A new direction for black politics: Power at state, local levels

A new direction for black politics: Power at state, local levels
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As African-Americans are pulled into another Democratic Party election cycle, black voters may miss the opportunity to build a sustainable political foundation for the future.

Although the campaigns of Sens. Kamala Harris (D-Calif.) and Cory Booker (D-N.J.) are compelling, these candidates ultimately will fail to deliver meaningful political benefits for the African-American community.

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By comparison, the opportunity for acquiring long-term power was portrayed in the recent midterm elections. These elections underscored a new direction for black politics in the 21st century.

To understand the implications, however, will require African-Americans to reconsider popular assumptions in the post-Obama era. Most of all, it will require civic leaders to question the undue support given to white, liberal interests that may conflict with the black political agenda.

The midterms highlighted a neglected political reality in the American system — the meaningful power that resides in the states. Yet the history of African-Americans in this arena has been one of frustration. Our quest for statewide participation has been elusive since the violent overthrow of the Reconstruction governments in the 1880s.

The 2018 elections provided an opportunity to confront this dilemma anew. Several promising candidates ran credible campaigns for governor in southern states. They fell short of the mark, but two came surprising close to breaking through the glass ceiling. It took ugly episodes of voter suppression activity and racist dog whistling to upset their momentum.

The results, however, argue for a continuation of the campaign. This is a poor time to shift attention to presidential campaigns. This is the time to double down on a sustained effort to develop political clout in the South.

A campaign of this magnitude will require black civic leaders to make this goal an imperative. Community organizations will need to prioritize the mobilization of voters and the grooming of candidates for the array of state offices elected and appointed.

This includes fielding candidates for governor, lieutenant governor, secretary of state, attorney general, treasurer, judgeships and legislative seats, among others. The outcome could be opportunities beyond expectations.

The ultimate goal is to establish a base of power capable of addressing the core needs of black communities. The outcome would be far more rewarding than the marginal benefits currently gained as a weak partner in the national coalition.

Truth is, a new direction in black politics may require people to think outside the box of the conventional. Should the black Democrats of South Carolina consider shifting support to Republican Sen. Tim Scott? Would a strategy of selective crossover voting empower him to promote the interests of his people in conservative circles?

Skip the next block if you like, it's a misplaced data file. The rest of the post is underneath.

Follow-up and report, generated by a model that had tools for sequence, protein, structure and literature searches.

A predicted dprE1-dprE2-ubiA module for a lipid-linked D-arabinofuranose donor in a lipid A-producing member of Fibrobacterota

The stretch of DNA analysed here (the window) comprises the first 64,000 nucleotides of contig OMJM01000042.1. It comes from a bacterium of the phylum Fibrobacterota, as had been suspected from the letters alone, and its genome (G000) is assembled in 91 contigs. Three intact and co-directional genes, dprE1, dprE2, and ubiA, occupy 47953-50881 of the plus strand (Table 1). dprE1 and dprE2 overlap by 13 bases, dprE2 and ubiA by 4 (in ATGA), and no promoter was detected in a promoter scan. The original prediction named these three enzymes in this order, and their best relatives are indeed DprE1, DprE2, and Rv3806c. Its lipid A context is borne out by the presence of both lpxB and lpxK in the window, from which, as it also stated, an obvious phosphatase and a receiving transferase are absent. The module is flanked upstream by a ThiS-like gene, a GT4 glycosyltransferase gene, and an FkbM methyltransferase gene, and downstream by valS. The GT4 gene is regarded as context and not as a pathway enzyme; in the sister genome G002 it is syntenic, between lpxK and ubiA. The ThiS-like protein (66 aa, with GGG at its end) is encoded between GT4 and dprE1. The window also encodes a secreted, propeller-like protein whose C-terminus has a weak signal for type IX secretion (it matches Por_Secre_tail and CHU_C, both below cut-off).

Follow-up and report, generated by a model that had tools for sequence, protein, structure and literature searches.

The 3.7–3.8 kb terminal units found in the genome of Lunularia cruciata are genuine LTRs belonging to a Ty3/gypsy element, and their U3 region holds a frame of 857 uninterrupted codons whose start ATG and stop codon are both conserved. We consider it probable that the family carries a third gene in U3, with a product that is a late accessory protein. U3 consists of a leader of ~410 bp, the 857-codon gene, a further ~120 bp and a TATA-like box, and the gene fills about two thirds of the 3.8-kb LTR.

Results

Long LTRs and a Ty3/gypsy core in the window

The recent gubernatorial campaigns set a benchmark for the margin of votes needed to potentially win in two key states: In Florida, Democrat Andrew Gillum lost to Republican Rick DeSantis by only 35,000 votes out of nearly 8 million votes cast. In Georgia, Democrat Stacey Abrams lost to Republican Brian Kemp by about 55,000 votes out of nearly 4 million votes cast.

Are there ways to close the gaps in the years ahead? In Florida, the solution may rest with the reinstatement of the vote to ex-felons: Voters passed a state constitutional amendment to restore the voting rights of 1.4 million ex-felons, about a third of them African-American men. If engaged, these people potentially could swing future elections in favor of the interests of their community.

Most intriguing is the situation in Georgia. African-American voters and white allies came close to winning the top office. Victory very well could be accomplished through an initiative to grow the voter base.

In this regard, a program of voluntary migration could help. It would involve a marketing campaign to encourage blacks in depressed northern cities — and perhaps in less politically competitive neighboring states — to consider Georgia as a destination. Among the merits would be the goal of relative political autonomy.

The idea may not be as far-fetched as it sounds. In 1916, for example, the Chicago Defender promoted an exodus of sharecroppers to northern cities to flee conditions of oppression. Many thousands of people heeded the call of publisher Robert Abbott.

Over a century later, it may be time to consider a new migration. This would be a call to responsible individuals to establish residency in Georgia in support of building up the African-American voter base.

People near or in retirement may be in the best position for lobbying. They would have the advantage of relative financial security from the pensions, Social Security benefits, and other assets earned during working years.  

Indeed, now is the time for a new direction in black political thinking. Rather than chasing the illusion of power of a presidential campaign, black America has a chance to acquire real influence in the states where it counts.

Roger House, Ph.D., is an associate professor of American studies at Emerson College in Boston. Since 2014, he has produced VictoryStride.com, a library research guide on African-American history and culture. He has produced radio programs on African-American history for NPR, and is the author of “Blue Smoke: The Recorded Journey of Big Bill Broonzy.”